We are excited to announce our PLOS Ecology Reporting Fellows for 2016. These talented scientists will be providing in-depth and up-to-date coverage of the Ecological Society of America annual meeting in Ft. Lauderdale, Florida during the coming week. But before we get to the science, we want to introduce you to these folks!
Caitlin McDonough MacKenzie is a PhD candidate in the Primack Lab in the Biology Department at Boston University. She spends her field seasons in Acadia National Park, Maine studying leaf out and flowering phenology and patterns of historical species loss across plant communities. Her field methods include three ridge transects that are conveniently located adjacent to beautiful running trails and carriage roads. Away from Acadia’s granite ridges, she’s interested in underutilized sources of historical ecology data including herbarium specimens, field notebooks, photographs, and old floras; the potential for citizen science in phenology research; and the intersection of science and policy. In 2016 she partnered with the Mount Desert Island Historical Society to co-curate a museum exhibit highlighting the scientific and conservation contributions of her 19th century “boyfriend” botanist, Edward Rand and his natural history colleagues in the Champlain Society. (Follow Caitlin on Twitter @CaitlinInMaine)
Daniel Winkler is a PhD candidate at the University of California, Irvine and a recent National Park Service Young Leader in Climate Change. Daniel is a plant ecophysiologist interested in invasive species, evolutionary ecology, and climate change impacts on native communities in “extreme” environments. His field sites include much of the desert southwest, alpine regions of Colorado, the subalpine forests of Baja California, and the tundra of northern Japan. All of Daniel’s research focuses on climate change impacts on native systems, with an emphasis on parks and protected areas. You can follow him on Twitter @DanielEWinkler, his research on Facebook at www.facebook.com/GeoMustard/, or find more information on his website at www.winklerde.com.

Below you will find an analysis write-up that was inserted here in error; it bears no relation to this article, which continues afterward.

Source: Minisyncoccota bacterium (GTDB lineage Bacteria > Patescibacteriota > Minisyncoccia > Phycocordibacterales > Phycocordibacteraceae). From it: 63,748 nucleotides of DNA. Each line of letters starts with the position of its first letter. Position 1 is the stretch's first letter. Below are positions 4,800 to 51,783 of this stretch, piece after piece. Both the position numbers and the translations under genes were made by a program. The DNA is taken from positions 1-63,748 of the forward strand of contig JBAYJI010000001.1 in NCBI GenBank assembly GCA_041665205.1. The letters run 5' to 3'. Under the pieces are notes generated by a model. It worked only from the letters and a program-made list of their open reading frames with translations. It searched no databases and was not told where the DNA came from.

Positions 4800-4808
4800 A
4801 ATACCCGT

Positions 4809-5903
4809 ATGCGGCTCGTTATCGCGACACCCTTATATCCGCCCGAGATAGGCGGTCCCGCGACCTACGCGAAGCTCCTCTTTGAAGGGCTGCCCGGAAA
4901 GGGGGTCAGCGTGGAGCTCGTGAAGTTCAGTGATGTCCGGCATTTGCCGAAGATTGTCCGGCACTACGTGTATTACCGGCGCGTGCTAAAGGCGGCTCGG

Kelsey Graham is a PhD Candidate at Tufts University, Department of Biology. Her research interests lie at the intersection of invasion ecology and animal behavior, with a focus on interspecific interactions between native and non-native species. Kelsey uses an interdisciplinary approach to answer questions from multiple theoretical perspectives, providing a comprehensive assessment of an invasive species within their invaded ecosystems. Her current focus is on an invasive bee, the European wool-carder bee (Anthidium manicatum), and its impact on native pollinators and plants. (Follow Kelsey on Twitter @woolcarderbee)
Uma Nagendra is a PhD student at the University of Georgia in the graduate program in plant biology. She has a bachelor’s degree from Swarthmore College in biology and comparative literature. Her research focuses on the impacts of wind disturbances on plant-soil interactions in the Southern Appalachian Mountains through the combined use of greenhouse and field experiments to investigate how tornadoes can change not only what plants grow in an area, but also how they interact with each other– through the soil. (http://www.plantbio.uga.edu/directory/uma-nagendra) (@atinytornado)
Liz Kimbrough is a PhD student in the Van Bael lab at Tulane University. You can find her in New Orleans studying the microbial communities of bald cypress trees, writing about science, and playing her washboard. Though she hails from Alabama, Liz earned her Bachelor’s in botany amongst the redwood trees at Humboldt State University. Liz discovered a passion for bringing science and environmental news to the public when she began writing for mongabay.org in 2012. Liz is currently a NSF Graduate Research Fellow and is excited to continue communicating science to the public and working in coastal and tropical ecosystems. (Follow Liz on Twitter @lizkimbrough_ )
Make sure to follow all of our Fellows during the week both on social media and on this site as they report on the research and happenings of this year’s Ecological Society of America annual meeting in Ft. Lauderdale, Florida.